Al Sharpton’s own charity has reportedly bought the rights to his life story for over half a million dollars, according to a report by the New York Post.
Tax filings cited by The Post are said to reveal that Sharpton’s charity—The National Action Network (NAN)—committed to paying the preacher $531,000 for his “life story rights for a 10-year period.”
The story could hypothetically be sold down the road at a profit to those wanting to produce a book or film documenting the activist preacher’s life.
Sharpton told The Post that movie deals alone could be sold for at least three times what the charity paid for them.
He told the paper that the initiative was thought up by several unnamed NAN board members as a way to provide the organization with future streams of revenue. He said they wanted to create a source of revenue for the civil rights organization after he steps down in about a year.
“This way they make a profit from the beginning and all of the revenues,” he said of the civil rights organization’s plans to secure funding after he steps down.
Sharpton’s list of credentials runs long, including founder and president of NAN, civil rights activist, Baptist minister, television/radio talk show host, and former White House adviser for President Barack Obama.
Obama described him as “the voice of the voiceless and a champion for the downtrodden.”
Sharpton told The Post there was interest from multiple sources in memorializing his legacy. He said he had signed contracts for two movies, and a third was being negotiated. He cited additional assets, including a recording where James Brown is singing and he’s talking, and video footage of him with Michael Jackson, as potential valuable revenue streams for NAN.
“You’ve got real property here. You’re not talking about just me as an activist. These are non-related NAN things that are the saleable items,” he said, according to the report.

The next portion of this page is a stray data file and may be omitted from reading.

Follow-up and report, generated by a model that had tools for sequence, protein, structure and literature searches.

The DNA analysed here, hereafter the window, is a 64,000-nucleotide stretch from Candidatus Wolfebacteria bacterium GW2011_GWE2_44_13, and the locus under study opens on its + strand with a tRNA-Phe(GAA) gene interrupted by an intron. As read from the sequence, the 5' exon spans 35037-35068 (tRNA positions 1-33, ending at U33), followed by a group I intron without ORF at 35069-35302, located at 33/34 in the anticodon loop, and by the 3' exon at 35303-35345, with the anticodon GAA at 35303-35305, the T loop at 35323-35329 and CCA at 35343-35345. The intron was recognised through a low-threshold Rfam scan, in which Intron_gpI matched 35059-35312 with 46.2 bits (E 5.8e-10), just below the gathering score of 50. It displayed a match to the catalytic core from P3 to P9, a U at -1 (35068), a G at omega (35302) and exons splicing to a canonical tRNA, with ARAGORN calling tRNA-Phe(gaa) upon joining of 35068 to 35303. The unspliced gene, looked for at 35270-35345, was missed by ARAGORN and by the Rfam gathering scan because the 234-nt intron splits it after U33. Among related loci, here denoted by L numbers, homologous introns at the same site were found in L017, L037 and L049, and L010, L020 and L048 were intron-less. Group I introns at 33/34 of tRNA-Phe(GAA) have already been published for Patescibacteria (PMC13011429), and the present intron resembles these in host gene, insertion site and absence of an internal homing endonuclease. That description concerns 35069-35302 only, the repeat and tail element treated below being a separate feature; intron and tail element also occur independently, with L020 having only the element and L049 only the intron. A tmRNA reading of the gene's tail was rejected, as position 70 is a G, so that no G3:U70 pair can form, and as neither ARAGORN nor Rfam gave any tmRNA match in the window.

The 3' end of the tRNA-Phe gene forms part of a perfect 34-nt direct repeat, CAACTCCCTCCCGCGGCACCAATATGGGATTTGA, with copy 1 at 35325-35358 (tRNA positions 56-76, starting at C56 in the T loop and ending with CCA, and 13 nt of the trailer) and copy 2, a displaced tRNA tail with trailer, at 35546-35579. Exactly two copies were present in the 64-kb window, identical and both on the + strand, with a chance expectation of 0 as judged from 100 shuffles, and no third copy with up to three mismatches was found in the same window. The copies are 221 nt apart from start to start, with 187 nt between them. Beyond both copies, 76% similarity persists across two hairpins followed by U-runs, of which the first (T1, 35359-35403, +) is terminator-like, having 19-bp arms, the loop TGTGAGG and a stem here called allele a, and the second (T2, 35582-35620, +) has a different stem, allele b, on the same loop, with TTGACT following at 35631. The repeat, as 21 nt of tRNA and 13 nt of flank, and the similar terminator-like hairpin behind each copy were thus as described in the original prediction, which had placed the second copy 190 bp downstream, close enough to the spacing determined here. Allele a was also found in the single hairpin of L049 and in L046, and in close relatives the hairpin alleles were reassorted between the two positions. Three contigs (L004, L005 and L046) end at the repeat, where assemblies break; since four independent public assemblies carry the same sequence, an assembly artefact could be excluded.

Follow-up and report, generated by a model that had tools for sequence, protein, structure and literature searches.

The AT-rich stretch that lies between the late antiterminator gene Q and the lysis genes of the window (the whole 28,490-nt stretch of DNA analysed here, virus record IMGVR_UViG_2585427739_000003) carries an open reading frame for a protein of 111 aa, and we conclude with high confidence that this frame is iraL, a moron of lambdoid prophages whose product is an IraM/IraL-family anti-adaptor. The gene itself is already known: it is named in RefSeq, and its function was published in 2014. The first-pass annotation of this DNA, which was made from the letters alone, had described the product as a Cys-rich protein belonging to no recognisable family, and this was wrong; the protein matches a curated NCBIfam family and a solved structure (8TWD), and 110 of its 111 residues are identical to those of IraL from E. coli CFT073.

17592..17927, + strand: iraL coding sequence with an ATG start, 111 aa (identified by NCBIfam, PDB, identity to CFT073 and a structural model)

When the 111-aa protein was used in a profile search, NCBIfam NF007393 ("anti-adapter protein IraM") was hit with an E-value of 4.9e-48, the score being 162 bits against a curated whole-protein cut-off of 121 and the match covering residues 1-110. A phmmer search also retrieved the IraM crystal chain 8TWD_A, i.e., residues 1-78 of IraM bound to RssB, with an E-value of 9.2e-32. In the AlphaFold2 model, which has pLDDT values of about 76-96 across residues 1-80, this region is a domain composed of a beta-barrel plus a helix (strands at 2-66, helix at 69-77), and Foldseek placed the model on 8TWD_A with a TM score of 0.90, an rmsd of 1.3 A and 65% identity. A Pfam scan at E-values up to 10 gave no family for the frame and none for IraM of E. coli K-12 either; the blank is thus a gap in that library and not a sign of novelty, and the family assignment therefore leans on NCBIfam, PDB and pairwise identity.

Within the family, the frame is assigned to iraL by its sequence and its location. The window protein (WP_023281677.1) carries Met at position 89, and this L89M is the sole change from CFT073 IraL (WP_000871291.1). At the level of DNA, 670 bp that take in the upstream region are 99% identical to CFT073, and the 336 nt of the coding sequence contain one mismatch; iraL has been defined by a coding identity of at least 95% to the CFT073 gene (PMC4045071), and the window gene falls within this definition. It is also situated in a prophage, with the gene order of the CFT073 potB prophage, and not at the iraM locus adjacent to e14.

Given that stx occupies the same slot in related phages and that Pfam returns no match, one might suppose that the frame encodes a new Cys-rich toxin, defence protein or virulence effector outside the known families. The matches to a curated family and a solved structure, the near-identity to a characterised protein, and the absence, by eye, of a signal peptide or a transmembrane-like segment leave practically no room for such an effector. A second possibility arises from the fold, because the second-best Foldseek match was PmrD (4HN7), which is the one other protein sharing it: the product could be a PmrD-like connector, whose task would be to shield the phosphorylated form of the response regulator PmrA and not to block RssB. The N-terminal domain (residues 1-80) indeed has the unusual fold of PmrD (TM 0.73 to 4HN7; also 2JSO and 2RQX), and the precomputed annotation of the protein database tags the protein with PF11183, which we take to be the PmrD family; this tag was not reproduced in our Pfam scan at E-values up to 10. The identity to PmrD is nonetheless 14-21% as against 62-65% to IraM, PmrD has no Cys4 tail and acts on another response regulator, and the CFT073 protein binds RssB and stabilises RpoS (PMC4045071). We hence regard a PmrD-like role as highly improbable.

‘Potential for Funny Business’
Legal experts cited by The Post said that for a nonprofit to do deals with its president is potentially treacherous territory. If not done carefully, it could threaten a charity’s tax-exempt status.
Marcus Owens, a former IRS official and a partner with the Loeb & Loeb law firm in Washington told The Post that if a charity pays too much for assets of the type it paid to Sharpton, it could violate tax rules regarding excess benefits given to a nonprofit’s key officials.
Sharpton told The Post that the value of the assets that were part of the transaction was formally appraised, while tax filings showed that the board’s “executive committee independently approved” the deal.
But Linda Sugin, a Fordham University Law School professor and associate dean, questioned the impartiality of the decision.
“In this case, it’s really difficult because of his role in the organization and just because of his overall influence,” Sugin said.
“When I see this kind of thing, it just makes me roll my eyes because there’s so much potential for funny business,” she added.
A less controversial way for NAN to benefit from the sale of Sharpton’s story rights would have been for him to sell the rights to a production company and donate part of the proceeds.